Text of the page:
A Billings, MT., family is fighting to keep their treehouse after officials cited it for violating city zoning regulations, the Billings Gazette reports.
“Logan and his parents, Scott and Kacey Olson, his grandparents and his brother Dillon, 12, built the elaborate treehouse in the front yard of the Olsons' house,” the Gazette notes. “By late June, Logan and Dillon had a solidly built, 17-foot-high, 80-square-foot treehouse with a deck on three sides.”
The treehouse quickly became a popular hangout for Logan and his friends. But it wasn’t long until the Olsons started getting grief from the city for their arboreal domicile.
“[S]omebody lodged a complaint with the city's Building Division because the Olsons hadn't obtained a building permit,” the Gazette reports. “As it turned out, they didn't need one. Nicole Cromwell, the city's zoning coordinator, said permits are unnecessary for buildings of less than 120 square feet.”
You can watch a video tour of the tree house by clicking on the above photo.
Okay, so then what’s the problem?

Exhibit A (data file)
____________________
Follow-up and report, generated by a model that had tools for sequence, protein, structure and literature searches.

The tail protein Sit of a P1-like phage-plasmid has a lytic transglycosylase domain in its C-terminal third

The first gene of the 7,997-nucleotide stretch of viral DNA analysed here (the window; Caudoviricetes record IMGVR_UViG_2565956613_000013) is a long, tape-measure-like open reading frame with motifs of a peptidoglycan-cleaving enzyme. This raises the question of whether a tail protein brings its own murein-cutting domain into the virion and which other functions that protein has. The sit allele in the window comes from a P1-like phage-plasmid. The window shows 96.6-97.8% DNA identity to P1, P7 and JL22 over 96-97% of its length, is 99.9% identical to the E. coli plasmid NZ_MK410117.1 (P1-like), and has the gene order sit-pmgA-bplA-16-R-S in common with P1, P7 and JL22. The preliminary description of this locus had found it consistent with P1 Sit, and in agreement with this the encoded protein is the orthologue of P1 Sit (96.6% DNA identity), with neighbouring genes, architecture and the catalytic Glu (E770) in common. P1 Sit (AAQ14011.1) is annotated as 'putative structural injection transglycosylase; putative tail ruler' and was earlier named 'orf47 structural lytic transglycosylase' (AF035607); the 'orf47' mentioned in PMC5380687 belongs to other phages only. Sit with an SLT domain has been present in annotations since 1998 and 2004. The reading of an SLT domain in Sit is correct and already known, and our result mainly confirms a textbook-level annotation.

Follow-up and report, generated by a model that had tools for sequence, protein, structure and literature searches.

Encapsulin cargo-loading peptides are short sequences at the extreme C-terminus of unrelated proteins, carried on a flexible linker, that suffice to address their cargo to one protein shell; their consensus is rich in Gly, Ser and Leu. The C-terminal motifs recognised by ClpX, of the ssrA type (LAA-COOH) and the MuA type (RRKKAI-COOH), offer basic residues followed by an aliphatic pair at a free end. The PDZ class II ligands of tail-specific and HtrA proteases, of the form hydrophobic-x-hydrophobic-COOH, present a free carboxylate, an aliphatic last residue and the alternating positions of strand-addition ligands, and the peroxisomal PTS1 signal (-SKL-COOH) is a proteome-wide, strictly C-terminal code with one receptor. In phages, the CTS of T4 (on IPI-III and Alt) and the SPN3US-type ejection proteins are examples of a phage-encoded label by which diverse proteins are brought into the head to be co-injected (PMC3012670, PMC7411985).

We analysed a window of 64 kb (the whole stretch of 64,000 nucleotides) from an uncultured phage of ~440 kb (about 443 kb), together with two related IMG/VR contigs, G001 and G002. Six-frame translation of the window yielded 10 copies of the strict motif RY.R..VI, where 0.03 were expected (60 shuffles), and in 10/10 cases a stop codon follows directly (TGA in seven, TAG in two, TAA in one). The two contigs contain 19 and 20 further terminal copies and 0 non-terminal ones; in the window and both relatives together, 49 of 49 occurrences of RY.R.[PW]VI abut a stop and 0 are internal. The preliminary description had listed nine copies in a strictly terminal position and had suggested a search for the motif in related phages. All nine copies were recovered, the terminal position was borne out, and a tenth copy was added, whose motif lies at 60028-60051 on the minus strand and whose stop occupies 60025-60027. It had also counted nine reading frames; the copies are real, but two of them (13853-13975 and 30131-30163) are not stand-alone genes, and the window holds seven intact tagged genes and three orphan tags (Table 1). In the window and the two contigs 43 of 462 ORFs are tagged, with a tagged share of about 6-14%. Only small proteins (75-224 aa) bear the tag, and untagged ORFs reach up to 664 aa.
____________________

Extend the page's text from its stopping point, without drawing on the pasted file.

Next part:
“Although a ‘structure’ technically is a building on the ground, the treehouse does have four wooden support beams, which qualifies it as an ‘accessory structure,’” the report explains, “and zoning rules say accessory structures have to be set back at least 20 feet from the property line. The closest post is 5 feet, 6 inches from the front property line.”
But the Olsons weren’t going to take this lying down. A lot of time and effort had been put into that structure. Logan and his brother Dillon knocked on doors and collected 61 signatures of people “supporting a variance for their treehouse.”
"If you think it's a good idea that we should keep our treehouse, you should sign this," the boys would say to people they were soliciting signatures from.
Logan’s mother, Kacey, has formally requested from the city Board of Adjustment a variance from the setback requirements.
“She explained in her letter that they couldn't build a treehouse in the backyard because the only tree there is an evergreen. And though they unknowingly violated the law, she said, most of their neighbors don't seem to mind,” the Gazette notes.
Cromwell, the city zoning coordinator, says all code complaints must to be investigated no matter how small they may seem.
“In this case, she said, seeking a variance is probably the easiest way to resolve the issue,” the report notes.
Cromwell notes that a variance will probably be granted as variances for similar “accessory structures” have probably already been granted in that neighborhood.
"It's not out of character for the neighborhood," she said.
The Olsons will appear before the city Board of Adjustment on Dec. 5.
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